Once a person is seeking treatment, however, therapists say the length of treatment isn’t affected by the specific subtype of OCD, but mainly the severity of the condition, comorbidities and how willing someone is to engage in the treatment. Some examples of comorbidities that are more common in people with OCD include: generalized anxiety disorder (GAD), depression, panic attacks or panic disorder and social anxiety disorder. 

ERP therapy has been found to be 80% effective, but it can be difficult. It requires willingness on behalf of the patient to feel discomfort and engage in exercises outside of therapy sessions. This can take time to develop, and a trained therapist can help you find the motivation you need to do the work. When someone is fully ready to commit, they’ll be in the best position for their treatment to be effective. Change is hard, but help is available for people struggling with POCD.

If you’re interested in learning more about how ERP therapy can help you, sign up for a free consultation today to speak with the NOCD clinical team. NOCD therapists specialize in OCD and receive specialized training in ERP therapy.

Keara Valentine

Keara E. Valentine, Psy.D., is a postdoctoral fellow at Stanford University School of Medicine in the OCD and Related Disorders Track, where she specializes in the assessment and treatment of OCD and related disorders. Dr. Valentine utilizes behavioral-based therapies including Cognitive Behavioral Therapy (CBT) and Exposure and Response Prevention (ERP) with children, adolescents, and adults experiencing anxiety-related disorders.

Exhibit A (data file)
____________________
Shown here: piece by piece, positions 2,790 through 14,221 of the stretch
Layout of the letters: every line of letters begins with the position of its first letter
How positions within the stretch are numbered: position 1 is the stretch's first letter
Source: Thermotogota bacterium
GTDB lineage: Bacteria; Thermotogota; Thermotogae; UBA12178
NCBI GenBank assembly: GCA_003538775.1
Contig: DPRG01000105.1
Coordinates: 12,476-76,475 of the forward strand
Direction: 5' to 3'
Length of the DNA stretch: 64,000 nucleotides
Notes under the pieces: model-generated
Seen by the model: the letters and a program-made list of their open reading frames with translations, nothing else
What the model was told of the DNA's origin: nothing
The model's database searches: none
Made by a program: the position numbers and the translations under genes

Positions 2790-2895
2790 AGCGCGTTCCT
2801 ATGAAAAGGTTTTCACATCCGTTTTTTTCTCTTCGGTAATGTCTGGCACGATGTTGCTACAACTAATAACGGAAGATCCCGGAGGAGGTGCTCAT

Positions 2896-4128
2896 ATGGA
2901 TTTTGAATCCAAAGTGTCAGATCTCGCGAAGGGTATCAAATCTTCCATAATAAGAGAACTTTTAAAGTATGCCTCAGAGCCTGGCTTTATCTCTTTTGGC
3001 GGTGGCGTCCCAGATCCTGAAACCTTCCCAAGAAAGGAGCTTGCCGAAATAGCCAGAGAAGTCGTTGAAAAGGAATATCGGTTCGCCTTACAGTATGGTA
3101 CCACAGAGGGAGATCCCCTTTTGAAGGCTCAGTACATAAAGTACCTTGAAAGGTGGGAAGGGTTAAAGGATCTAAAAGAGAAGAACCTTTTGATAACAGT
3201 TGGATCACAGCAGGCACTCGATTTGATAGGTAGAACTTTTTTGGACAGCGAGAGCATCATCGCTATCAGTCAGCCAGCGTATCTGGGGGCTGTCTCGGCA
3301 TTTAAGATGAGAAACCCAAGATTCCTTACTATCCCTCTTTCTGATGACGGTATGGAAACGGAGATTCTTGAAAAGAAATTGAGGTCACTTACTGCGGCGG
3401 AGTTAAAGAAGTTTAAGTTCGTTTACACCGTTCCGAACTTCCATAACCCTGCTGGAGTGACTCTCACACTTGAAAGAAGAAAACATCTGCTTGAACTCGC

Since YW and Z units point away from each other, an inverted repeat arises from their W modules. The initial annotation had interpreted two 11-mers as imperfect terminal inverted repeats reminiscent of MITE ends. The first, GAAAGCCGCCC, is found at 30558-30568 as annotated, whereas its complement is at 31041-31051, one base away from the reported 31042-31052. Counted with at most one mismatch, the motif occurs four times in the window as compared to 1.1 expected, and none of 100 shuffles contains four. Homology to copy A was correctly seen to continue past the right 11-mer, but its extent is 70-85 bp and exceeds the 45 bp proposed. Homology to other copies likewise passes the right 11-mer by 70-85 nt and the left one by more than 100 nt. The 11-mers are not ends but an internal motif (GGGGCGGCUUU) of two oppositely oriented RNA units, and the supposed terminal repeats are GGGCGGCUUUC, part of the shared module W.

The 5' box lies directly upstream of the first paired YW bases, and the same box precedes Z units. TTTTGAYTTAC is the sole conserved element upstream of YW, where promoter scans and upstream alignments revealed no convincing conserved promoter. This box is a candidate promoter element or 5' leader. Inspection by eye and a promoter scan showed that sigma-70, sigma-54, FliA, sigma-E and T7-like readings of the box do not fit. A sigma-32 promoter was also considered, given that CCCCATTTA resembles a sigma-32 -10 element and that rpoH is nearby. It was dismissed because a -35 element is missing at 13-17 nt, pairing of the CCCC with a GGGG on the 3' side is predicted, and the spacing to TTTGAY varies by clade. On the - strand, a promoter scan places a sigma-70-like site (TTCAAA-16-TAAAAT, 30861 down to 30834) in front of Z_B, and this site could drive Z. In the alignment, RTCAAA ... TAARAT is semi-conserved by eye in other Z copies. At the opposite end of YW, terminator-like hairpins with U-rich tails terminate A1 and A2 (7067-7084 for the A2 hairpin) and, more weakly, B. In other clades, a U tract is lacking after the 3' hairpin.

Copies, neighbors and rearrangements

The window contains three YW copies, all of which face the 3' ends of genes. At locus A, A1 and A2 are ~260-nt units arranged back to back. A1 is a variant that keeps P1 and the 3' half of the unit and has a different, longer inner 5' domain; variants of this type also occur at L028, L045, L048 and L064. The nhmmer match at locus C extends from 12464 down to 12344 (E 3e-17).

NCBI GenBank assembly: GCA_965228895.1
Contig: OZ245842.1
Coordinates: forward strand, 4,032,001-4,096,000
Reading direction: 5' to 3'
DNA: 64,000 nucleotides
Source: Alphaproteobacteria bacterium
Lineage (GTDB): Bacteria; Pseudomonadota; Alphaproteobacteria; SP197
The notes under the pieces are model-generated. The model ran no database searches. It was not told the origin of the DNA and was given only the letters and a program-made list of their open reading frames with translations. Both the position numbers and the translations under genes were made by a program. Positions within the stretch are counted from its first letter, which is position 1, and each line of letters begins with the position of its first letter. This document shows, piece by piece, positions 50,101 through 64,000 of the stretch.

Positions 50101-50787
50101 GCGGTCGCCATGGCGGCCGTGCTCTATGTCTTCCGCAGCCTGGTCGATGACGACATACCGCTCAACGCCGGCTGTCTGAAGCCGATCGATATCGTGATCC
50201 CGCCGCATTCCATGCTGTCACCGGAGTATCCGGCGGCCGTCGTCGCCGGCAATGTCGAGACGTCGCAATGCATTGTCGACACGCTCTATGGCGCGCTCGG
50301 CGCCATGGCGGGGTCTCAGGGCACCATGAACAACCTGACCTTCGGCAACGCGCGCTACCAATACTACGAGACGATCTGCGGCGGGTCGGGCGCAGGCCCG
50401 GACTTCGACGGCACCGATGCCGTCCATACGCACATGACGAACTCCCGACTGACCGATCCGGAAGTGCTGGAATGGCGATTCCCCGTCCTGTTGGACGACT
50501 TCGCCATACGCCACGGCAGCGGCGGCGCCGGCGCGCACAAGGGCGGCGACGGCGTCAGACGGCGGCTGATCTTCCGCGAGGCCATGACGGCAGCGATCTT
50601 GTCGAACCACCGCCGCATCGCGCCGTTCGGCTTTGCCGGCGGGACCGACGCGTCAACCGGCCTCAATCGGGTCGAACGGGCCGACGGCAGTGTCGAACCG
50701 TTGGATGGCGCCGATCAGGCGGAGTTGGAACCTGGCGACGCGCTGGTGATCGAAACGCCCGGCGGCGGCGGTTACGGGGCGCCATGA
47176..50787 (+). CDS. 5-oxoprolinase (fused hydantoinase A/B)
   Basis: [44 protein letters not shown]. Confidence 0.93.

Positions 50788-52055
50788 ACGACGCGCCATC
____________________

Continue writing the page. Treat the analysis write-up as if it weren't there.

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NOCD Therapists specialize in treating Pedophilic OCD

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Taylor Newendorp

Taylor Newendorp

Licensed Therapist, MA

I started as a therapist over 14 years ago, working in different mental health environments. Many people with OCD that weren't being treated for it crossed my path and weren't getting better. I decided that I wanted to help people with OCD, so I became an OCD therapist, and eventually, a clinical supervisor. I treated people using Exposure and Response Prevention (ERP) and saw people get better day in and day out. I continue to use ERP because nothing is more effective in treating OCD.

Madina Alam

Madina Alam

Licensed Therapist, LCMHC

When I started treating OCD, I quickly realized how much this type of work means to me because I had to learn how to be okay with discomfort and uncertainty myself. I’ve been practicing as a licensed therapist since 2016. My graduate work is in mental health counseling, and I use Exposure and Response Prevention (ERP) therapy because it’s the gold standard of OCD treatment.

Tamara Harrison

Tamara Harrison

Licensed Therapist, MA

I have personally struggled with OCD and know what it's like to feel controlled by intrusive thoughts and compulsions, and to also overcome it using the proper therapy. I’ve been a licensed therapist since 2017. I have an M.A. in Clinical Mental Health Counseling, and practice Exposure and Response Prevention (ERP) therapy. I know by experience how effective ERP is in treating OCD symptoms.